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Fashion, beauty and the digital revolution

This weekend, I headed to the Vogue Festival at the Southbank Centre for a day of serious, well-informed, contemplative and thought-inspiring discussion from respected and admired public figures at the top of their respective fields. It was also a day of outfit envy, fangirl-ing, nails and make-up, but that, for all intents and purposes, is beside the point, and probably something best left to my Instagram feed…

I attended the talk ‘Fashion, Beauty and the Digital Revolution’, with Russian social media mogul, Street Style icon and Editor of Buro 24/7 – Miroslava Duma, internationally-adored genius designer -Mary Katrantzou, fashion photographer and ShowStudio founder Nick Knight, and model and accessories designer – Pixie Geldof of FunkyOffish.

The progression of the digital world has had a seismic effect on the fashion industry. For a world that was very much secretive and closed off to consumers, the internet and social media have played an integral part in opening it up to a multitude of people who would never have had the opportunity before, and making it suddenly accessible and attainable (it is hard to imagine a world where I’m not hunched over my laptop at 2am during New York fashion week and watching a stream of the shows as they happen), and we have Nick Knight and his contemporaries to thank for that – his revolutionary backstage catwalk live streams transformed an industry which was, as he put it, “bad at articulating itself to the public”.

Then there are also the entrepreneurs such as Miroslava Duma, who is understandably enthused by the concept of digitalisation reaching into realms which we “cannot even imagine” – being as some would suggest, the epitomised personification of the power of social media and digital promotion –a woman who can post an outfit on Instagram and guarantee interest from at least five international editors within an hour. Pixie Geldof too, launched her accessories brand chiefly through social media with great success, and Mary Katrantzou, who has been known to secure sales as a direct result of Instagram.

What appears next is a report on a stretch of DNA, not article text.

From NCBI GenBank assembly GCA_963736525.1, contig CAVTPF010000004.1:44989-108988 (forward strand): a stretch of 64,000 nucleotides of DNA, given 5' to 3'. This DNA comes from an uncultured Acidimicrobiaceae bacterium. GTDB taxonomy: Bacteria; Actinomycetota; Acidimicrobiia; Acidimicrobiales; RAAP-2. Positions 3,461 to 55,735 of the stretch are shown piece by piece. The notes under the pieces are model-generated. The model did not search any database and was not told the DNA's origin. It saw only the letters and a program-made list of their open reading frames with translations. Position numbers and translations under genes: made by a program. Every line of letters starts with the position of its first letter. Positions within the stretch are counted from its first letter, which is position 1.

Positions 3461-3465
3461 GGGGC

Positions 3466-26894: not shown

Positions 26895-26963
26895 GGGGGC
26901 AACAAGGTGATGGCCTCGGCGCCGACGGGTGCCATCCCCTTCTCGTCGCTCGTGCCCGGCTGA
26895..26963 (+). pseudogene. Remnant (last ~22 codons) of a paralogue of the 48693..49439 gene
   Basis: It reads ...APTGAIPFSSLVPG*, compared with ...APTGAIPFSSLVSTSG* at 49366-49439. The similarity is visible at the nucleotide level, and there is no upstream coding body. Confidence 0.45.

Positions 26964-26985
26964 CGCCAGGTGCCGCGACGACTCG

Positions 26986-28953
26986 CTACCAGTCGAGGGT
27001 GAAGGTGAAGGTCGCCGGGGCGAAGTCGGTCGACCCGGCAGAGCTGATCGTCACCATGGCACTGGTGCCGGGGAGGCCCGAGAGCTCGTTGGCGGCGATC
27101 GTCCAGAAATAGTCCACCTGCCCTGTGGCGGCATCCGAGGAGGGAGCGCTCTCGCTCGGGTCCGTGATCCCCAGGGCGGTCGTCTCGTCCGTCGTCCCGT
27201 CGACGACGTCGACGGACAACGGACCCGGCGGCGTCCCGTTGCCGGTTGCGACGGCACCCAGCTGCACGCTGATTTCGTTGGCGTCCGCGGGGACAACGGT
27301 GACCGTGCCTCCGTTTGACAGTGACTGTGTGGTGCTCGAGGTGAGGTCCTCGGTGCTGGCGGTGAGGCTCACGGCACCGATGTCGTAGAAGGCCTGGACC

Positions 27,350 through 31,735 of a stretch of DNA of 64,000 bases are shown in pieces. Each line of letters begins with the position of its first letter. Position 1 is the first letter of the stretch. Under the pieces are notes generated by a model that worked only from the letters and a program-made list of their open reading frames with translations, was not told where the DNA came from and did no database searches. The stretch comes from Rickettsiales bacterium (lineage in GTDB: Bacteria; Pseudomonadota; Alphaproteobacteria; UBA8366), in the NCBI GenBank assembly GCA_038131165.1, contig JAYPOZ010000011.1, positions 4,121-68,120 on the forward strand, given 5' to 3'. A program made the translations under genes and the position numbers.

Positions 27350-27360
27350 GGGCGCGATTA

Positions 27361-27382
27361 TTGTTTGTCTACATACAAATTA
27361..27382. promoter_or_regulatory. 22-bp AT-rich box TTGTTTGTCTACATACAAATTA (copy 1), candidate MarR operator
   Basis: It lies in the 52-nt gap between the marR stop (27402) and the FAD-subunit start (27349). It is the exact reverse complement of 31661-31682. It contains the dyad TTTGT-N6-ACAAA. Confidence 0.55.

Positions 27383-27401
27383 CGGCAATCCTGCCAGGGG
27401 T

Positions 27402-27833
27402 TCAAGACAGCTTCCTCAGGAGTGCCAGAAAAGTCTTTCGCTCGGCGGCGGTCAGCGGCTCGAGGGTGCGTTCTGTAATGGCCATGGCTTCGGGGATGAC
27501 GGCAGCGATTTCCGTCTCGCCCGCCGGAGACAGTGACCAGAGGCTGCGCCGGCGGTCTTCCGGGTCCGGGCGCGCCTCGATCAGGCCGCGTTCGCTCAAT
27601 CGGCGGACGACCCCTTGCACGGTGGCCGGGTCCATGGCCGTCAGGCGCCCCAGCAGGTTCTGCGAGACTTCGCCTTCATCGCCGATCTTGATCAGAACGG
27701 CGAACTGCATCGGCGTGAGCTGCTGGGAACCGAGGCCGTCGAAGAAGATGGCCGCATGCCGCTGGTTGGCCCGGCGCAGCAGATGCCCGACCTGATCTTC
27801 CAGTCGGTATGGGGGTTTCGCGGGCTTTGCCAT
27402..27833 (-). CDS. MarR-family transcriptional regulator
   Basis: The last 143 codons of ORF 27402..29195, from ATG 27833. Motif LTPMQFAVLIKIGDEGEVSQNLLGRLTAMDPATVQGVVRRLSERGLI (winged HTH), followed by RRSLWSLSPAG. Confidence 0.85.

What about social media then – that uncensored, unedited, unairbrushed realm where opinion is very public, and at times very harsh? This, the panel asserted, was an opportunity to be grasped – a much-needed critical platform for the fashion industry, which was in the past sycophantic and damagingly so. It is a way to start a conversation about your brand, and to take control of your public image, through engaging and carefully-curated content.

So what’s next? According to Nick Knight, it’s virtual models. (Insert binary code-related joke about size 01010111010111)

Stephanie Weekes

Stephanie is a Consultant at Publicasity.